In another cautionary tale concerning the discovery of electronically stored information (ESI), the U.S. District Court for the Eastern District of Louisiana recently reemphasized the importance of giving early and considered thought to the format in which a party would prefer to receive ESI from an opponent in discovery. Mr. Mudbug, Inc. v. Bloomin’ Brands, Inc., No. 2:15cv05265 (E.D. La. Jan. 11, 2017).
In Mudbug, the defendant served certain Rule 34 requests for production of ESI to the plaintiff. The requests contained competing, internal instructions as to the format of ESI requested: Certain requests specified that the ESI was to be produced “in the form in which it was maintained in the usual course of business or activity,” while other requests noted that “pursuant to Rule 34, all documents [were to] be produced in Adobe (PDF) and/or Word format.” In response to these requests, the plaintiff produced the responsive ESI in PDF format.
Approximately a year after serving the requests—and after new counsel substituted into the matter on behalf of defendant—the defendant’s new counsel argued that the plaintiff’s initial ESI production was deficient for numerous reasons, including that the ESI was not produced in native format and did not include metadata. The defendant moved to compel the production of the ESI in the new format.
Reviewing Rule 34(B)(2)(E), the district court disagreed, finding that the plaintiff’s first production satisfied its obligations under the Federal Rules of Civil Procedure. Rule 34(B)(2)(E) provides in pertinent part that “[i]f a request does not specify a form for producing [ESI], a party must produce it in a form or forms in which it is ordinarily maintained or in a reasonably usable form or forms,” and that “[a] party need not produce the same [ESI] in more than one form.”
The district court emphasized that the defendant was “‘the master of its production request[, and] it must be satisfied with what it asked for.” Accordingly, because the plaintiff produced its responsive ESI in a PDF form, as requested by the defendant (which request did not include a specific request for metadata), and the plaintiff provided a complete production, it was under no obligation to make a second production in native format and with all associated metadata simply because the defendant’s new counsel preferred this format. In short, having elected the format for its production in the first instance, the defendant could not be heard to complain later after it received what it asked for in the first place.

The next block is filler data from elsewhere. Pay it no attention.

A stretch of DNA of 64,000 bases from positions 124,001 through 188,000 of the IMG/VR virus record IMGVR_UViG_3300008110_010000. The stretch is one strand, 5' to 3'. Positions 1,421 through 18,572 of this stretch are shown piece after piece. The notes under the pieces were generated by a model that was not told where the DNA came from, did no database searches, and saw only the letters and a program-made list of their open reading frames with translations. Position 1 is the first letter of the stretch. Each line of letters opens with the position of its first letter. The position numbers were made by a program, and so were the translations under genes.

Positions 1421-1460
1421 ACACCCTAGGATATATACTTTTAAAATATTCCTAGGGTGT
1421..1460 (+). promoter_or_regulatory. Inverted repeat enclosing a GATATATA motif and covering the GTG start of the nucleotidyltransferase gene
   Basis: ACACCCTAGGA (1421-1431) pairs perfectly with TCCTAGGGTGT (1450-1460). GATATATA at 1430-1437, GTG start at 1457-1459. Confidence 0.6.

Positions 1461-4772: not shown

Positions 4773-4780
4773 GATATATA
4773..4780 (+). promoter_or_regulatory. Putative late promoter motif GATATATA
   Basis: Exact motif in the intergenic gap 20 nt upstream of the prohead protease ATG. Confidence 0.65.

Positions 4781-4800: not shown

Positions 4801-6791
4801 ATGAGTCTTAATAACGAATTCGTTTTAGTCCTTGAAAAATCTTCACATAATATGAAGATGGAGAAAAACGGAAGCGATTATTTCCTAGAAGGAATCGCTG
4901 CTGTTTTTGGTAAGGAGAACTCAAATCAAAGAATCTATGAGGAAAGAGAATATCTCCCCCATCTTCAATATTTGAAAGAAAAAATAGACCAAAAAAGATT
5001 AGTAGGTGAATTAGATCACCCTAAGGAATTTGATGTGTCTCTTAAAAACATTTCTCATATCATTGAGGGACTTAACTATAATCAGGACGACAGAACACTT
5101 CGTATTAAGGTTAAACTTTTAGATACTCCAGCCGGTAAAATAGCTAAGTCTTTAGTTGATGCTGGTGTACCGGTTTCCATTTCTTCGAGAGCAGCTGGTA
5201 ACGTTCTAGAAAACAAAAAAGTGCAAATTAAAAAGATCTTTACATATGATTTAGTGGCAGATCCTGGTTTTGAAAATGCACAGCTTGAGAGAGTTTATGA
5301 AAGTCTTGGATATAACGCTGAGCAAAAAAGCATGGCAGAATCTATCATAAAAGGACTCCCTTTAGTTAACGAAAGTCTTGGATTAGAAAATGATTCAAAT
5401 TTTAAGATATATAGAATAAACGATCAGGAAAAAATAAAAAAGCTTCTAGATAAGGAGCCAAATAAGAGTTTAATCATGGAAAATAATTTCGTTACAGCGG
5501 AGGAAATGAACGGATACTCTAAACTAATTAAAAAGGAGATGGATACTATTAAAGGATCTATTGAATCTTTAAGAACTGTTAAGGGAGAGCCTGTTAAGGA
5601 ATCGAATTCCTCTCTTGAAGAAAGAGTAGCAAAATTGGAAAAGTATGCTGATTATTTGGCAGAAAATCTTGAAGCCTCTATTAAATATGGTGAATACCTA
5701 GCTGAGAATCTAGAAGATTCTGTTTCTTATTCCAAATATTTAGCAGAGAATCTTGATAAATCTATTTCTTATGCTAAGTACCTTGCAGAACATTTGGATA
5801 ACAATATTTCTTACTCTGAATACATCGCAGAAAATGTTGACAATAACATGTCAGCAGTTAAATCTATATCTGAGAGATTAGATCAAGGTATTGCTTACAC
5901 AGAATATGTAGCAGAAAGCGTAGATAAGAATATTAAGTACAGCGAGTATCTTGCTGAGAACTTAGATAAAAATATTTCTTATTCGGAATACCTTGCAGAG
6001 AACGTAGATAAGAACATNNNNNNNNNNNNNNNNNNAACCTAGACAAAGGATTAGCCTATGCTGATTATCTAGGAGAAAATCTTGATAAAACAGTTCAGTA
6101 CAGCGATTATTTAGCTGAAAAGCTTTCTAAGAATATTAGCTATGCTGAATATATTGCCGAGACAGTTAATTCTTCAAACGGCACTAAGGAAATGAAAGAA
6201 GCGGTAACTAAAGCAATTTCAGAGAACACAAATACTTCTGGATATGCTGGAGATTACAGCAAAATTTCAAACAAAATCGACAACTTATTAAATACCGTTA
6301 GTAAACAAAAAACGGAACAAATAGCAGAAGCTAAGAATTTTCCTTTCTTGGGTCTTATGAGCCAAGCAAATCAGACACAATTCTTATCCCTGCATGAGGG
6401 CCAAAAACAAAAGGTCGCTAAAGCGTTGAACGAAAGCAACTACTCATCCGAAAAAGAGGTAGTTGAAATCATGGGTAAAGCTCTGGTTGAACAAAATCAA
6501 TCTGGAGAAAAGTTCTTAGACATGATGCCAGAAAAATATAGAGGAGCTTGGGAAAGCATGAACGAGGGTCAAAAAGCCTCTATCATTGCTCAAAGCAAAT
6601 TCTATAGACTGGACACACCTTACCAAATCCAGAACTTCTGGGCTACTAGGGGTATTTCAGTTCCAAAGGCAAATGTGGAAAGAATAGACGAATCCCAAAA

In limiting a request to one format for the production of ESI, Rule 34(B)(2)(E) serves to underscore and foster age-old, basic principles of federal discovery: avoiding undue burden and cost to the responding party, and ensuring that the discovery and its associated costs is proportional to the needs of the case.
The lesson of Mudbug: As a plaintiff in federal litigation—particularly in a case where ESI could play a pivotal role—avoid buyer’s remorse. Think long and hard—and early in the case—about the format in which you and your client want to receive ESI (and whether a request for metadata should be specified); whether the requested format will yield a workable and complete set of information; and whether the format is compatible with your and/or your client’s ESI review platforms.
Eric B. Levasseur is a partner with Hahn Loeser & Parks, LLP in Cleveland, Ohio.